John Aldridge: 'Calling Liverpool a 'diving' team is an unfair slur - and it's hurting them in title race'
MOHAMED Salah has developed a reputation for being a diver and it is starting to have an impact on how referees are making key decisions in Liverpool matches.
Jurgen Klopp’s side have been awarded five penalties in the Premier League so far this season, but I reckon that number could have been doubled if match officials were not being influenced by the perception Salah and the Liverpool forwards are falling over in the box a little too easily.
Maybe I’m seeing this through red-tinted glasses, but I don’t agree with this slur on a team trying to win the Premier League playing a brand of football that is hard to dislike.
What we witnessed during the thrilling 4-3 win against Crystal Palace on Saturday was a referee seemingly wary of giving Liverpool a spot-kick on an afternoon when they could easily have had three.
From my seat high in the stands at Anfield, I had the feeling Liverpool could have had at least one penalty on Saturday and the TV replays backed up that belief.
Referee Jon Moss must have seen Andros Townsend handling the ball in the box, but he waved away the penalty appeals and I believe Salah should have been given a spot kick when he was challenged by Mamadou Sakho before half-time.
There was contact on Salah as the former Liverpool defender challenged him for the ball and he had every right to go down in the box and alert the referee to the offence.
I used to draw fouls out of defenders and goalkeepers in my playing days and if they are stupid enough to give an attacker a chance to go down in the box, referees have a duty to make the right decisions.
That statement might sound like I am encouraging players to dive, but this is not what I’m saying here, far from it.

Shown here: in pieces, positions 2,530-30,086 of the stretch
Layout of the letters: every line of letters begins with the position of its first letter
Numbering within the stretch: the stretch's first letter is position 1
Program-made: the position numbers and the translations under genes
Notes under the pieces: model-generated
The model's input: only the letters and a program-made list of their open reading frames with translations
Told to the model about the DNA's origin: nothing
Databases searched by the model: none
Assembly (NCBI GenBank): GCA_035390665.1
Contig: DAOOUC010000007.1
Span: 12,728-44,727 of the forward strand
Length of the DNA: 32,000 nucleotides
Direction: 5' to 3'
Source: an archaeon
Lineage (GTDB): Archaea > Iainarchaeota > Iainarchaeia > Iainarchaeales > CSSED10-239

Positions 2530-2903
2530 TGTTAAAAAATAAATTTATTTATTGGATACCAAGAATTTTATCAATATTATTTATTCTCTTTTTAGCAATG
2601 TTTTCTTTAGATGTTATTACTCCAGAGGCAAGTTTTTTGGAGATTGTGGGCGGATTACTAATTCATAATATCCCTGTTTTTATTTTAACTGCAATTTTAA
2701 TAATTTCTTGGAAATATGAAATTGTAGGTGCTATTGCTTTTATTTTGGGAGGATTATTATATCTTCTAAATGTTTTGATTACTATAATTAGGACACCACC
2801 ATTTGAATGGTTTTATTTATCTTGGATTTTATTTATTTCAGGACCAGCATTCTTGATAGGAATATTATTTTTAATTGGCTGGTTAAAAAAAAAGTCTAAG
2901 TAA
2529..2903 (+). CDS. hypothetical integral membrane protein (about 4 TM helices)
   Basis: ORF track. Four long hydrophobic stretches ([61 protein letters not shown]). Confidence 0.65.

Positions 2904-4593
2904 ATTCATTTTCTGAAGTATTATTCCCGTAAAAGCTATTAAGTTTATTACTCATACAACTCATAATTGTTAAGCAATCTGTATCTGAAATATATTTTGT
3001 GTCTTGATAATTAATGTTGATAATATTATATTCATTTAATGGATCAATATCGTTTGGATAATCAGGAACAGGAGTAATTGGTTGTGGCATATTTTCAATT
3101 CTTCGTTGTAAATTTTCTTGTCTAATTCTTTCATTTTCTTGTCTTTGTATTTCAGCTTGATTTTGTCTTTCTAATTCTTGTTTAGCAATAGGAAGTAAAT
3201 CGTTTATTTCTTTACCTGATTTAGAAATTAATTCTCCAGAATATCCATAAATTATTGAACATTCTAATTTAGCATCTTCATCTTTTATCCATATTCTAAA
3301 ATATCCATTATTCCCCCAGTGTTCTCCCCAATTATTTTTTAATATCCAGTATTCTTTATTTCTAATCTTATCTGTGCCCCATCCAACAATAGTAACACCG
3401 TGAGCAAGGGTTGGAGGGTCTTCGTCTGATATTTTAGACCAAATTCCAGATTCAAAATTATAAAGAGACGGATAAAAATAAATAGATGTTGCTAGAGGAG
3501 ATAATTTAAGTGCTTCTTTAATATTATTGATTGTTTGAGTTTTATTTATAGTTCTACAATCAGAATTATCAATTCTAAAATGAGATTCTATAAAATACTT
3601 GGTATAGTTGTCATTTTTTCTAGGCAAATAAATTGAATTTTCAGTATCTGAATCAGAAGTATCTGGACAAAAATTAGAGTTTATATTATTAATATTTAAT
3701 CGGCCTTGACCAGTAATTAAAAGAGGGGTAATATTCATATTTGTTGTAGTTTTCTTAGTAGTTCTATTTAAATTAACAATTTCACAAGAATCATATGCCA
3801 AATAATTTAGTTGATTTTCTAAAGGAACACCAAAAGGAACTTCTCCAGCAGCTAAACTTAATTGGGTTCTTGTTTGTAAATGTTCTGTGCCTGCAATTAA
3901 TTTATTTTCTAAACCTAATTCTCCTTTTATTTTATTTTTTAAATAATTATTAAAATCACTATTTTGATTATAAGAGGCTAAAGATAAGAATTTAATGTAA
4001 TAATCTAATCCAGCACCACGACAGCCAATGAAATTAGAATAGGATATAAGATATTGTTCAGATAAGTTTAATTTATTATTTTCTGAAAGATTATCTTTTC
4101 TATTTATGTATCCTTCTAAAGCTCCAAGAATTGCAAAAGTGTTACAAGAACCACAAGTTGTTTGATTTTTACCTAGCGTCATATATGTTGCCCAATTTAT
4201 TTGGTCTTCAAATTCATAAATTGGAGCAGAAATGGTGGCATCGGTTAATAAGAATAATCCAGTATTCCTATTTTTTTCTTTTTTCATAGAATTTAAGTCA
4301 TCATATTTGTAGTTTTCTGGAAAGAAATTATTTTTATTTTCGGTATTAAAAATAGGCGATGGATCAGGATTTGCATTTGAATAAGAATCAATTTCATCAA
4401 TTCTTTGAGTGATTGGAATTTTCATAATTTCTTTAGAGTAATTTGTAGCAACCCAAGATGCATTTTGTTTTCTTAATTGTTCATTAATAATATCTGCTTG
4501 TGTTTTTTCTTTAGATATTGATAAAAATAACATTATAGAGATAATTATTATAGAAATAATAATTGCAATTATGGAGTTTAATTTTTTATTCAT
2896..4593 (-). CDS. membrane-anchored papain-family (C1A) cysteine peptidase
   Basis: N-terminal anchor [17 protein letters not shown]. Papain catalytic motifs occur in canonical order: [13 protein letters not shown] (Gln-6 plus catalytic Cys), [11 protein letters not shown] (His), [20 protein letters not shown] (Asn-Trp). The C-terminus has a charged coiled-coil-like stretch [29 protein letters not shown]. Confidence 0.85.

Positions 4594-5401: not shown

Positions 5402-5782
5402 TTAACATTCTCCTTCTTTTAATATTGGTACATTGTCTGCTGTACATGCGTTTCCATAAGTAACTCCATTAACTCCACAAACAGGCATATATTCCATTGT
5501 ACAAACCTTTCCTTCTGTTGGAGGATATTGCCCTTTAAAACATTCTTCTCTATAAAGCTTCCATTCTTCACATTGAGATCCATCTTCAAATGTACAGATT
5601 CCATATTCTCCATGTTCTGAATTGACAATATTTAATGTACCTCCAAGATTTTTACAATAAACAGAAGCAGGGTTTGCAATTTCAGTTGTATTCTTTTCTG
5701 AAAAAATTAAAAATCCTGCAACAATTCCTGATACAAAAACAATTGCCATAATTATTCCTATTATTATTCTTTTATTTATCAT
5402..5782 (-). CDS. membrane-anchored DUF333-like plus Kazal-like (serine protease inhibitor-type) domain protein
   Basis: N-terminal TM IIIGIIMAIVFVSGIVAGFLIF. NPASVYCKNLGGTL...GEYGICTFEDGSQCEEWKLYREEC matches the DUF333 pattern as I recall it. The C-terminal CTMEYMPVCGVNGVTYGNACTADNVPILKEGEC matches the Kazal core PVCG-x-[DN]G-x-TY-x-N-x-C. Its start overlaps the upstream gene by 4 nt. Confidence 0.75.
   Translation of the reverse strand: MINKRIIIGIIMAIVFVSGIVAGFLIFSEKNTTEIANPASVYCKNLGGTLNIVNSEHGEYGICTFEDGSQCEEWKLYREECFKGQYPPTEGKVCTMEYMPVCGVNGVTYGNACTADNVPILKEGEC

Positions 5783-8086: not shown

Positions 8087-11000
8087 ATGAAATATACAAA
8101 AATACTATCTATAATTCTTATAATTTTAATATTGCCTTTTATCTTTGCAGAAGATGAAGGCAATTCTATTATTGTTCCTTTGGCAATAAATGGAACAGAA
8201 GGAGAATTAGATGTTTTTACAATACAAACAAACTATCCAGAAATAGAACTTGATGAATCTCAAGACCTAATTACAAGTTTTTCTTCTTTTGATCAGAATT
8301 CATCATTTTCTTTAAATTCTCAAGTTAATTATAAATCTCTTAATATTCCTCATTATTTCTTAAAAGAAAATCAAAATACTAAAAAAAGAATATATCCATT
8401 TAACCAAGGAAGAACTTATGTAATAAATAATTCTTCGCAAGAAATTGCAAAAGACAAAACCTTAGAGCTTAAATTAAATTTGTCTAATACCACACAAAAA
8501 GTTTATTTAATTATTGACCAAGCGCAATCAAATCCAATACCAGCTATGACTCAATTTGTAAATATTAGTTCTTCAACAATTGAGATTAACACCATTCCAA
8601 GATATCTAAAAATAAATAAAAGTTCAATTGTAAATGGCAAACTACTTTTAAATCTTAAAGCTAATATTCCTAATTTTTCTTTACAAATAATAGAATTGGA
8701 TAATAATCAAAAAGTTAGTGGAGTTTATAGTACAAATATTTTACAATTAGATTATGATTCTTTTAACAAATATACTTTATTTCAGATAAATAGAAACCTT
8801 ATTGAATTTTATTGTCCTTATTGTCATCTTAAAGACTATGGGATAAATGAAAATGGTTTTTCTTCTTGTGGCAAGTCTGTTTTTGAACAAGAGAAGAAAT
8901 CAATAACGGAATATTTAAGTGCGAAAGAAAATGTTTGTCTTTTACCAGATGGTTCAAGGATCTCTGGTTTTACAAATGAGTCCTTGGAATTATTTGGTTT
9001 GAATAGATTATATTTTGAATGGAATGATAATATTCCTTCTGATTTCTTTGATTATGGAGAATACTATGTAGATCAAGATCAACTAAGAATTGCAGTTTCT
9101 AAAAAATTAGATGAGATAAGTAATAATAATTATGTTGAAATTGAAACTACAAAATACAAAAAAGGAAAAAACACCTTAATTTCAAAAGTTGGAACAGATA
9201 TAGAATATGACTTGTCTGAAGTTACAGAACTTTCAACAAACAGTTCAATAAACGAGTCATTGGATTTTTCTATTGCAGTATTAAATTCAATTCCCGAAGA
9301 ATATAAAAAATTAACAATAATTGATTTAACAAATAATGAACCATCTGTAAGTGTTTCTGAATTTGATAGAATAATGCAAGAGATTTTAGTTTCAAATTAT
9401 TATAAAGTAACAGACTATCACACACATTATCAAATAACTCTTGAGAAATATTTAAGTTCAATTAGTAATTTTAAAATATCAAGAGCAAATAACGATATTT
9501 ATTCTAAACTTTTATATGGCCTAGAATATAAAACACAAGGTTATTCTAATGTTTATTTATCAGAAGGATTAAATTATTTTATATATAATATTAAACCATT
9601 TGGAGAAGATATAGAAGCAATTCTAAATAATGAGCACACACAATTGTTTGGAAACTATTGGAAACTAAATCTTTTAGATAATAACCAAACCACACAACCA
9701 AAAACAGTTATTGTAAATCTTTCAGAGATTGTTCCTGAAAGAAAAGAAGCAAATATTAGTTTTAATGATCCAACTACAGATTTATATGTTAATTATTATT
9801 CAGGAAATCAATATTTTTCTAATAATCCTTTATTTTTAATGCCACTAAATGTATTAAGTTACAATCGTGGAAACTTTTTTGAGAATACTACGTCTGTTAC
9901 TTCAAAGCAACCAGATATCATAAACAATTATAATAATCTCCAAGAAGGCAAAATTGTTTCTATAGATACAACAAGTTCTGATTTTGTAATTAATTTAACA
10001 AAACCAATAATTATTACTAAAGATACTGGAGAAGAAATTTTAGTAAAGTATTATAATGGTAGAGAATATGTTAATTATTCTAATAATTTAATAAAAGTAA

Diving is a horrible poison that has been poured into our game more and more in recent years, with Neymar’s antics at the World Cup last summer rightly highlighted by everyone who was laughing at him for his antics.
Neymar’s version of trying to win free-kicks and penalties is just shameless cheating, but Salah was clever as he lured a foul out of Sakho and the referee made a mistake by failing to give the right decision.
The Palace players were clever as they quickly surrounded Salah and influenced the referee into thinking he had dived, but contact was there and he had every right to go down and ask the question.
Palace defender James Tomkins also touched the ball in the box with his hand in the second half on Saturday and got away with it, so this is a topic we should keep an eye on in the next few weeks as match officials could play a role in deciding the title race.
Liverpool and Manchester City are not going to drop too many points between now and the end of the season, so every decision is crucial and no-one would want to see this thrilling two-team battle decided by referees.
I am happy for any player to be labelled a cheat and given special treatment by referees if they merit that tag, with the Tottenham duo of Harry Kane and Dele Alli guilty of falling over in the box a little too easily.
Yet I don’t see Salah and Liverpool as a team of divers and maybe Klopp needs to have a quiet word with his players to make sure they don’t exaggerate their fall after genuine challenges in the box that should be resulting in penalties.
What is clear after the latest round of matches is City are now back in the groove, after their comfortable 3-0 win at Huddersfield on Sunday, and I would expect Pep Guardiola’s side to win most of their games in the final months of the campaign.
That’s why Liverpool dare not slip up. The win against Crystal Palace at Anfield on Saturday threw up a few too many talking points for Klopp’s liking, as Liverpool showed defensive frailty that has not been in evidence all season.
Conceding goals from corners was a major reason why Liverpool’s most recent title challenge collapsed under Brendan Rodgers watch five years ago and that old flaw cropped upon again against Palace, but they found a way to win and that is all that mattered in the final analysis.